A promise finally delivered: Calipari, Memphis heading to Final Four Print
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Monday, 31 March 2008 11:41
NCAAB Headline News

 Every time John Calipari drives into his garage, he sees the ``For Sale'' signs stacked on the side. It's not that the Memphis coach wants to be ready the next time he sells his house. He keeps them as a humbling reminder.
Tigers fans expect a lot. And Calipari remembers back to 2005 when they were so upset about missing the NCAA tournament that they filled his yard with the signs.
Now the wait is over. Calipari has delivered the Final Four trip fans have been craving since the school hired him in 2000.
``Every once in a while my mind would go to like, 'Wow, this group of kids really did some special things this year.' ... The way we played this weekend, we deserve to be in the Final Four,'' Calipari said Monday during a conference call.
Yes, they do, even if Memphis looks a bit out of place next to UCLA, North Carolina or Kansas when it comes to tradition.
When Memphis (37-1) plays UCLA in the national semifinal Saturday in San Antonio, it will be the Tigers' third Final Four and first since 1985. Compare that to UCLA in its 18th trip or North Carolina (17th) or Kansas (13th) in the first Final four with all four No. 1 seeds.
Basketball is as much a Memphis pastime as barbecue. This is the school that produced players with names like Baskerville (Holmes) and Penny (Hardaway) and stars Larry Finch and Keith Lee.
The Tigers were all the buzz Monday, a day after the 85-67 rout of Texas in the regional final. In stores and restaurants there was no shortage of TV highlights of All-American Chris Douglas-Roberts, freshman sensation Derrick Rose and shot-swatting senior Joey Dorsey.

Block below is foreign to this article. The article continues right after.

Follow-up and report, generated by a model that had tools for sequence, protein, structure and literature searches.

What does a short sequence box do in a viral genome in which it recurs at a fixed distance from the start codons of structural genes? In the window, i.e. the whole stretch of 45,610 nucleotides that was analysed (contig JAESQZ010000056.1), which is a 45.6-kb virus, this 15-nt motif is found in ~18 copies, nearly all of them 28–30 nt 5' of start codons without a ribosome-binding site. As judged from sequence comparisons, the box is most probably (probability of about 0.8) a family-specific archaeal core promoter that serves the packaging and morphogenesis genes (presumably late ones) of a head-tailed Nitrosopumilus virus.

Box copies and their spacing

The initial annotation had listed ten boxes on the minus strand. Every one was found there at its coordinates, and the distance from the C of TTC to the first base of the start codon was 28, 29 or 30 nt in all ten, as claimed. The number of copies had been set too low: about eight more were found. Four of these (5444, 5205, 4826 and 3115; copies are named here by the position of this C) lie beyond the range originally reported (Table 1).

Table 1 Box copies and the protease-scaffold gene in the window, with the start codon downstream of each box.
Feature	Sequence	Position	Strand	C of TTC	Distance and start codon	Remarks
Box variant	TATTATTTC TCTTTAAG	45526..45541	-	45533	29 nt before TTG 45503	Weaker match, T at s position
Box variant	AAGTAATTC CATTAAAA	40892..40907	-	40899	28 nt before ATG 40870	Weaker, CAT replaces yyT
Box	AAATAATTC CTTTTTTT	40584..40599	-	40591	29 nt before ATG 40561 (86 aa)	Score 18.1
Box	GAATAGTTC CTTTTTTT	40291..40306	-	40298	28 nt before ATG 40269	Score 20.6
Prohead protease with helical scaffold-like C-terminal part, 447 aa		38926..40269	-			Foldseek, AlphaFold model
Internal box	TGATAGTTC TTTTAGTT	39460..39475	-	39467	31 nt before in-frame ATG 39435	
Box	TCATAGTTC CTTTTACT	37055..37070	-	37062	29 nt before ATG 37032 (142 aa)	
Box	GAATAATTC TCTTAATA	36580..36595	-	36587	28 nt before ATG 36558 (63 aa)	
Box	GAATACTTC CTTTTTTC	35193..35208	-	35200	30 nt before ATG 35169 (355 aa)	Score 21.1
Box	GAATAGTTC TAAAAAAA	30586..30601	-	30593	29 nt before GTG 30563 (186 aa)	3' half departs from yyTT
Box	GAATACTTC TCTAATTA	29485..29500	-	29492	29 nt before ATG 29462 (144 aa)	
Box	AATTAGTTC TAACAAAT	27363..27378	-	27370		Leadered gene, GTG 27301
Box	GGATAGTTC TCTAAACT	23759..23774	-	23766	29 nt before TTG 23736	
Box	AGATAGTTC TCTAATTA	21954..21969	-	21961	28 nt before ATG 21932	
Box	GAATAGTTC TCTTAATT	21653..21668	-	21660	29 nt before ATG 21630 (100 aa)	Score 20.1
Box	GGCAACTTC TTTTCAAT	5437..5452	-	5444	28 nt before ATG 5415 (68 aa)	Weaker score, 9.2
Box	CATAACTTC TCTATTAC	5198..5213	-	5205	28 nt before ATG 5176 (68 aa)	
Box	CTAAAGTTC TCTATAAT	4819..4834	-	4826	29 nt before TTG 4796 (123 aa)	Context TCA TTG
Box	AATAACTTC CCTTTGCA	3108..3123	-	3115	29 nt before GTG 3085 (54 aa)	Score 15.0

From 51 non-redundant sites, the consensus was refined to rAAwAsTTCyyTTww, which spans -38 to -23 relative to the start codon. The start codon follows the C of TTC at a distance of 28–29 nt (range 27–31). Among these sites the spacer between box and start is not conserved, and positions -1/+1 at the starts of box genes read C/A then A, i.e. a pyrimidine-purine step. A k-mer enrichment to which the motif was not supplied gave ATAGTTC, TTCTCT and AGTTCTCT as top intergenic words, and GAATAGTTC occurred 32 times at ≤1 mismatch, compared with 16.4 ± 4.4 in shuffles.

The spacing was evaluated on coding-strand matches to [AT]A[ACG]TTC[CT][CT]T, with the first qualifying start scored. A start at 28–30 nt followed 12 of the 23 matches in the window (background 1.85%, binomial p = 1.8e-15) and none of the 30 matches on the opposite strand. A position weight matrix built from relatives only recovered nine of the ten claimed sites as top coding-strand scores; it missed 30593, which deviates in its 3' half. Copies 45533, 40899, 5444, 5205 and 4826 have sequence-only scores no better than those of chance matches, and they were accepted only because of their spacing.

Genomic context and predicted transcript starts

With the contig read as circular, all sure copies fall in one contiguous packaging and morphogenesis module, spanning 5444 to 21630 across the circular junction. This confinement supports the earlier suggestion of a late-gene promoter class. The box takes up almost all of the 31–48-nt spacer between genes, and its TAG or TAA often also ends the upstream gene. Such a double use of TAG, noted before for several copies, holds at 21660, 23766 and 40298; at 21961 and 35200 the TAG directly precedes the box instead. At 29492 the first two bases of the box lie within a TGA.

But other than the 1973 national championship loss to UCLA and Bill Walton, Memphis had been to the regional championship only twice before Calipari arrived. And the Tigers hadn't been since 1992 when they had a future NBA star in Hardaway.
The 1985 Final Four ended with a loss to eventual champ Villanova in the national semifinals, a trip that no longer counts because of rules violations.
Calipari made it to the Final Four with Massachusetts in 1996. His hiring in 2000 stunned Tigers' fans, who see this program as one of the nation's best even if the results haven't always been there. He promised to return Memphis to national prominence following his firing from the New Jersey Nets in 1999.
It took Calipari longer than expected, hence those signs in 2005. The only national title was the 2002 NIT, and Memphis seemed destined to keep coming up short with two straight losses in the regional finals.
But Calipari sensed this team was different. He has been telling fans to sit back, relax and enjoy a special group of players.
He was right. These Tigers know how to win.
UCLA coach Ben Howland said Memphis easily could be 38-0 if not for a 66-62 loss to Tennessee on Feb. 23 that could have gone the Tigers' way.
``It's just an incredible challenge to plan to defend them and score on them because of their athletic ability,'' Howland said.
And while Calipari may be too busy breaking down UCLA, his Tigers know their coach is having fun by watching them.
``He's more happy for us than he is for himself,'' Douglas-Roberts said. ``He always says ... he's so happy for us. He says we deserve it because he's been here before. We never have. So what makes him most happy is seeing us happy and seeing us make it to the Final Four.''
Calipari has only one message he shares with these Tigers in the locker room.
``I'm talking about, 'It's our time. It's our time,''' he said. ``They gave us a tough road. We had to play Texas in Houston. But, still, this is our time. It's our time.''

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